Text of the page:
A descriptive analysis of overviews of reviews published between 2000 and 2010

Tags: Poster
Hartling L1, Chisholm A1, Thomson D1, Dryden D1

Background: Overviews of systematic reviews (overviews) compile data from multiple systematic reviews (SRs) and are a new method of evidence synthesis.

Objectives: To describe the methodological approaches in overviews of healthcare interventions.

Methods: We searched four databases from 2000 to May 2010. We included studies if they: stated a clear objective; examined an intervention; used explicit methods to identify SRs; collected and analysed outcome data from the SRs; and intended to include only SRs. Two researchers independently screened studies and applied eligibility criteria. One researcher extracted data with verification by a second. We conducted a descriptive analysis.

Results: The search yielded 1661 citations; 70 overviews were included. The number of overviews increased from 1 in 2000 to 10 in 2009. The interventions were pharmacological (n =17), non-pharmacological (n = 42), or both (n = 11). Inclusion criteria were clearly stated in most overviews (n = 63). The majority searched at least two databases (n = 47), reported the years and databases searched (n =48), and provided key words (n = 48). Eighteen overviews included Cochrane SRs only. Two reviewers independently screened and completed full text review in 27 overviews. Methods of data extraction were reported in 32. Quality of individual studies was extracted from the original SRs in 11 overviews. Quality assessment of the SRs was performed in 32 overviews; at least 13 different tools were used with the Oxman and Guyatt tool most frequent (n = 12). The quality of evidence was assessed in 11 overviews. Most overviews provided a narrative or descriptive analysis of the included SRs; a quantitative analysis was conducted in only two cases. One overview conducted indirect analyses. Publication bias was discussed in 19 overviews.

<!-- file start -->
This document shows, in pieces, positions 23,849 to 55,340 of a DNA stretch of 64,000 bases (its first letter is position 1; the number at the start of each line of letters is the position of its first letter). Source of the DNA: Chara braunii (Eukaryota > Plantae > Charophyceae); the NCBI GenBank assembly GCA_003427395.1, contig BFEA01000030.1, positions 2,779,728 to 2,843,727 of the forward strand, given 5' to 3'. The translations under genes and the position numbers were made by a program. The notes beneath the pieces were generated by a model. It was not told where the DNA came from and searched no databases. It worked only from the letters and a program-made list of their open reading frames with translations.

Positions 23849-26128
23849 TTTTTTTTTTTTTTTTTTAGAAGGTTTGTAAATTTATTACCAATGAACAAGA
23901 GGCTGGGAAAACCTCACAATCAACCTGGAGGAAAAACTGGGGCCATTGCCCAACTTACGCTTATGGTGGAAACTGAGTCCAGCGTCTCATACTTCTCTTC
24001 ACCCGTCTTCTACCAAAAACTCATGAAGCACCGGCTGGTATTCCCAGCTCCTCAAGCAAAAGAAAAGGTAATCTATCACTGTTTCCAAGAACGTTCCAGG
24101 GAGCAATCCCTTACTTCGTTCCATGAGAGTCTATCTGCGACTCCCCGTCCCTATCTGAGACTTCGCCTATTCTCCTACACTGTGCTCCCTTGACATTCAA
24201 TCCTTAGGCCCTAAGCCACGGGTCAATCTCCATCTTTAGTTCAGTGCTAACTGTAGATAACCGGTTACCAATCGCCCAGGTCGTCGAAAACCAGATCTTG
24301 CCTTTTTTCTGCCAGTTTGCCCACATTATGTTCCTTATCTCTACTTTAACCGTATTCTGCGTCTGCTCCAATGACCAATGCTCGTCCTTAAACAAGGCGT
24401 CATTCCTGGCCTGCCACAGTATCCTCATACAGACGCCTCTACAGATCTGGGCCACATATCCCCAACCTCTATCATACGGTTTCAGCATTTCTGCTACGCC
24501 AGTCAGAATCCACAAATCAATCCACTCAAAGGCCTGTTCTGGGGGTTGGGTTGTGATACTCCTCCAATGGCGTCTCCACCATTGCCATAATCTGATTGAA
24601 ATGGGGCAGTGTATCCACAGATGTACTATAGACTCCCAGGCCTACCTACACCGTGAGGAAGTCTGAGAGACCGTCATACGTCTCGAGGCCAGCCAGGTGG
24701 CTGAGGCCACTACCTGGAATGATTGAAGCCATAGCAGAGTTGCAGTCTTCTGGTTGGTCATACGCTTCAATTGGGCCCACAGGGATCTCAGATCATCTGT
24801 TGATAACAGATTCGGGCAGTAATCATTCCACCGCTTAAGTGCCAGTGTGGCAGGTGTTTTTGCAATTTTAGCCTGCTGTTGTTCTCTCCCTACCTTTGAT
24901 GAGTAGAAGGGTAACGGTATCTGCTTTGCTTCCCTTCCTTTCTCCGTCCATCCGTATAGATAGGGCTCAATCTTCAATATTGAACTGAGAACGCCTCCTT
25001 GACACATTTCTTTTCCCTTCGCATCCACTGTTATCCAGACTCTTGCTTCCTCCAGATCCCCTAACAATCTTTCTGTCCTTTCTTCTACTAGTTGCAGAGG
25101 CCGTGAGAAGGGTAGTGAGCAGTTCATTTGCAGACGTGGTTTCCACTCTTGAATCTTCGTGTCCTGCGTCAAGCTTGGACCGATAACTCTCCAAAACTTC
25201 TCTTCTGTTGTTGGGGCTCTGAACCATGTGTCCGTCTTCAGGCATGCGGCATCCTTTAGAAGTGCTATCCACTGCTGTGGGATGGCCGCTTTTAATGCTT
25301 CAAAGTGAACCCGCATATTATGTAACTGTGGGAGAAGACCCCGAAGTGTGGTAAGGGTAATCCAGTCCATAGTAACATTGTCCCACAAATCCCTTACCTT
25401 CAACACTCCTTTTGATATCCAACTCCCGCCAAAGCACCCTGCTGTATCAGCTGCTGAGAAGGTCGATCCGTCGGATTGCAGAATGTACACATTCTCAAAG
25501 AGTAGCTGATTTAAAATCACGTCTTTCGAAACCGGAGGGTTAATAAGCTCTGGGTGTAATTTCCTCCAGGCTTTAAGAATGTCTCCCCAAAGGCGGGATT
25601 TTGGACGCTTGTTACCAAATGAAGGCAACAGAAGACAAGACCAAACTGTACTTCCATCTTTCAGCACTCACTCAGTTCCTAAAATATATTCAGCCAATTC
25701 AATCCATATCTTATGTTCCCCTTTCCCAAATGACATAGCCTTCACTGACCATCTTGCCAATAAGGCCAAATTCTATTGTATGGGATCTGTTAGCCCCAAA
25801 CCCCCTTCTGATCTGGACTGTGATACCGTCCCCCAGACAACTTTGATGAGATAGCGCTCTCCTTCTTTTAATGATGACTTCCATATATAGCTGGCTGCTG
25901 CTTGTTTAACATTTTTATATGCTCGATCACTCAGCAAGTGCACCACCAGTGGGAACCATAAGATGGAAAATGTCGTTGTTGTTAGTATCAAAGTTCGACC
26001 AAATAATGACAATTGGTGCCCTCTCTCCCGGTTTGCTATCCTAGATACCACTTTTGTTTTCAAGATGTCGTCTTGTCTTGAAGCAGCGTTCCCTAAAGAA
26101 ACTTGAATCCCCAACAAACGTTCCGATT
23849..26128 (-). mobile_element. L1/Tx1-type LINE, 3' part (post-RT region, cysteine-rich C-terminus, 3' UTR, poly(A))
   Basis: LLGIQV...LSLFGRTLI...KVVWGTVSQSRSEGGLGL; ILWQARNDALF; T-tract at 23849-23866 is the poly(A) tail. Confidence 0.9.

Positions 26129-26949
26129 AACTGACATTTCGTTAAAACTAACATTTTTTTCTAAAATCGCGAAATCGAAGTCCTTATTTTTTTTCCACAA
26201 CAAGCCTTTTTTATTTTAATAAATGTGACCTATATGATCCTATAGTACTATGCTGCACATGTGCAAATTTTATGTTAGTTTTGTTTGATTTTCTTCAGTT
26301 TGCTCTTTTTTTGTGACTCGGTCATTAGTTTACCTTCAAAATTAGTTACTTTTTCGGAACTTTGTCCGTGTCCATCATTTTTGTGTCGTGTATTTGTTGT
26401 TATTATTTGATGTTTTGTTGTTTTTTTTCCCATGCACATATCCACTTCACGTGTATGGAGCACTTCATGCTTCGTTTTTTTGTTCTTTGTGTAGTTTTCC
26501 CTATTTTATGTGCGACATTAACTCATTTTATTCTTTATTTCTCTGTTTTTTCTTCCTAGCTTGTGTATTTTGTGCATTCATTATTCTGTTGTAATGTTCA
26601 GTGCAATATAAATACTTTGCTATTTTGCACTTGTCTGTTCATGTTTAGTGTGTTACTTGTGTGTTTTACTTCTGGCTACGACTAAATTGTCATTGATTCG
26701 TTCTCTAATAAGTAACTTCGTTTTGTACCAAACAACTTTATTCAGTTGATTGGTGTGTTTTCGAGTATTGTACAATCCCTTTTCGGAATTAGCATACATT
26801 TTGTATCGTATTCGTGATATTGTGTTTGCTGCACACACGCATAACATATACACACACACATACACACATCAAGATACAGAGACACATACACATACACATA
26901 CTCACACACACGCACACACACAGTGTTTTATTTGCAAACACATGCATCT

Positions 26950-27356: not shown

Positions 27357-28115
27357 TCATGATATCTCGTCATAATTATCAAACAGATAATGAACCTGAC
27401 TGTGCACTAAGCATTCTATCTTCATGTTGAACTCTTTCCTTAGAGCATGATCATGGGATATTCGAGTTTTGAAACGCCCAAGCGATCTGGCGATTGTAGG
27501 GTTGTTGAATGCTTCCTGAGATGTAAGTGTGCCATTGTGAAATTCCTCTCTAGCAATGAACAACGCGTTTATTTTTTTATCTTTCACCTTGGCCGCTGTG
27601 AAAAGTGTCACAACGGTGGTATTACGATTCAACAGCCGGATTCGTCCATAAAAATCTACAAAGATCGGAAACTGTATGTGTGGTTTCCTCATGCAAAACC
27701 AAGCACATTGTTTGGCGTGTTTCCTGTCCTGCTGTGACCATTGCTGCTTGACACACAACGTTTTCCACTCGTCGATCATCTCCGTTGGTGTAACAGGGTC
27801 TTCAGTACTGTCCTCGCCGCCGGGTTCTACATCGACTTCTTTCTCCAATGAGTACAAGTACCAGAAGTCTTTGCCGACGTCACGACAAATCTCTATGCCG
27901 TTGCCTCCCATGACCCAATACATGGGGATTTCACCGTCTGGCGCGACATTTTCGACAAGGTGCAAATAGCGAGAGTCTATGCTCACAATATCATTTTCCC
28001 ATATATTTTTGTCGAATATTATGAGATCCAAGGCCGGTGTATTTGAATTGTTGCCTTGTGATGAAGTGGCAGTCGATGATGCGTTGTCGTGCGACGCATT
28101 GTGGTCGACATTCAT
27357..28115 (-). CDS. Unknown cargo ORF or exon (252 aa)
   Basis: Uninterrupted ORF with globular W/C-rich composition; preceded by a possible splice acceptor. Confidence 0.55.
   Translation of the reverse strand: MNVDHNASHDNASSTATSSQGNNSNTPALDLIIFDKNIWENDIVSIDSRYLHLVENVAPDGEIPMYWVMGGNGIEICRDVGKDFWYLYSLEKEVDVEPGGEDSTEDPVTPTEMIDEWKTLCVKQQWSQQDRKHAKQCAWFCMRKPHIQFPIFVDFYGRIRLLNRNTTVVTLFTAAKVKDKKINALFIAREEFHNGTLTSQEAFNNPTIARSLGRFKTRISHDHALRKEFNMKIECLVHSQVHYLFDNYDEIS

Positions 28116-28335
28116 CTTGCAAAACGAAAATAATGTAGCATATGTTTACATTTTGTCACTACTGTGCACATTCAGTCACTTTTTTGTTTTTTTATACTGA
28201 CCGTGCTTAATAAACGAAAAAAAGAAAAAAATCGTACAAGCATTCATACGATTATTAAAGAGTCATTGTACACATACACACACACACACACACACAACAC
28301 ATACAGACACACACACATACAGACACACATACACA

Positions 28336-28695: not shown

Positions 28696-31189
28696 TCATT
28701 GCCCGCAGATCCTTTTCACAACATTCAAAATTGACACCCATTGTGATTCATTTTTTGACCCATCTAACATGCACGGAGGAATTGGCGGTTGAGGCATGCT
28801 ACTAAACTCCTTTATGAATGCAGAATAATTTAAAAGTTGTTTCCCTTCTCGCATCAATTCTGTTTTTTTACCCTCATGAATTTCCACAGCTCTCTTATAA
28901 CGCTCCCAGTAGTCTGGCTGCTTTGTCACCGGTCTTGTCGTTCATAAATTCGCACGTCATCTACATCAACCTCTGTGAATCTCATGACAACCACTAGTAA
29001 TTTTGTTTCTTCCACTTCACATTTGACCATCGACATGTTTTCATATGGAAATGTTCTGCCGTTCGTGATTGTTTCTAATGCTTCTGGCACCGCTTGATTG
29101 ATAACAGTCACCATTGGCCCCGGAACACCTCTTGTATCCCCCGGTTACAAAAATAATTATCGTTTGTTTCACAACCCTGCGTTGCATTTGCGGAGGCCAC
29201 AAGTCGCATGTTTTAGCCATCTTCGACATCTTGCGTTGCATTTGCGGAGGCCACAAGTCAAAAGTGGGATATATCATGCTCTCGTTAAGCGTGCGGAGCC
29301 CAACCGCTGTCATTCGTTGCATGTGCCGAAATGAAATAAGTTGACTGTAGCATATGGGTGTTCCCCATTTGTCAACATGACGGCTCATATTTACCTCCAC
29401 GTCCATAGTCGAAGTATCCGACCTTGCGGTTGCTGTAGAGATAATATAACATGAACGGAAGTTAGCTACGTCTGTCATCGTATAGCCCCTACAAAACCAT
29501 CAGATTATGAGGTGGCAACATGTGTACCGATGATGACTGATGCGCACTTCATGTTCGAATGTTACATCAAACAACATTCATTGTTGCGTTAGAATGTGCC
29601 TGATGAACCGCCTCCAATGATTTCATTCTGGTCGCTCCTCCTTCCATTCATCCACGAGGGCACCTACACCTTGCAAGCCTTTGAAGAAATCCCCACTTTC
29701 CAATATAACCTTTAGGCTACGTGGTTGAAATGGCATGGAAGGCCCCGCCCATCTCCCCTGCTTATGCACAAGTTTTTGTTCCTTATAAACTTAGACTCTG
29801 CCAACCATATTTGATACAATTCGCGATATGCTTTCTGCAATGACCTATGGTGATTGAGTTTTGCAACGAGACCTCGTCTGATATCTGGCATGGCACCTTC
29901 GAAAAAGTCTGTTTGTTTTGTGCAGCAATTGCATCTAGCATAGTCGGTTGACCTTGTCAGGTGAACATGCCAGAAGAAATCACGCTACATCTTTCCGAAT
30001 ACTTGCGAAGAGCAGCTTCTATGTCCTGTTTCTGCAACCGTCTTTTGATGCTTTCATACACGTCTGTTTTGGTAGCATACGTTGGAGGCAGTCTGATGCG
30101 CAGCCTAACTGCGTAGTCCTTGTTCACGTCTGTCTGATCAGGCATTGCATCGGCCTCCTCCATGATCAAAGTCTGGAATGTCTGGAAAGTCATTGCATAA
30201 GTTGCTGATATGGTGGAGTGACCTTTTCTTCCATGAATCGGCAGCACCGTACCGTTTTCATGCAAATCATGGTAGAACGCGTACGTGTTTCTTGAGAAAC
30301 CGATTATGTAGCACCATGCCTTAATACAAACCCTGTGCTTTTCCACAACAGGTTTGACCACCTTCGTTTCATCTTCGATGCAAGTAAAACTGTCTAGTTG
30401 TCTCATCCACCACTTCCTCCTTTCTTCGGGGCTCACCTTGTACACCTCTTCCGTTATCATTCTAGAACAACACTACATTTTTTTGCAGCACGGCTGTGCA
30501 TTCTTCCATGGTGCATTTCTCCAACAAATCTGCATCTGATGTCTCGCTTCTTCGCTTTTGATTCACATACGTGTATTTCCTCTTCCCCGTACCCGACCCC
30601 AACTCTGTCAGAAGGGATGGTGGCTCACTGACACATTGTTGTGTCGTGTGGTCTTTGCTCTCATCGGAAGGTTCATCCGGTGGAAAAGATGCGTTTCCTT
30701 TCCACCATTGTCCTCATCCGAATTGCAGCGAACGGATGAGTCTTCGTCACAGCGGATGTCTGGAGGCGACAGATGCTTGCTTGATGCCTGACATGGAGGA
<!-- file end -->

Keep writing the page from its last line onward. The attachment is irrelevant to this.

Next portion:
Conclusions: This study shows considerable variation in the methods used for overviews. There is a need for methodological rigour and consistency in overviews, as well as empirical evidence to support the methods employed.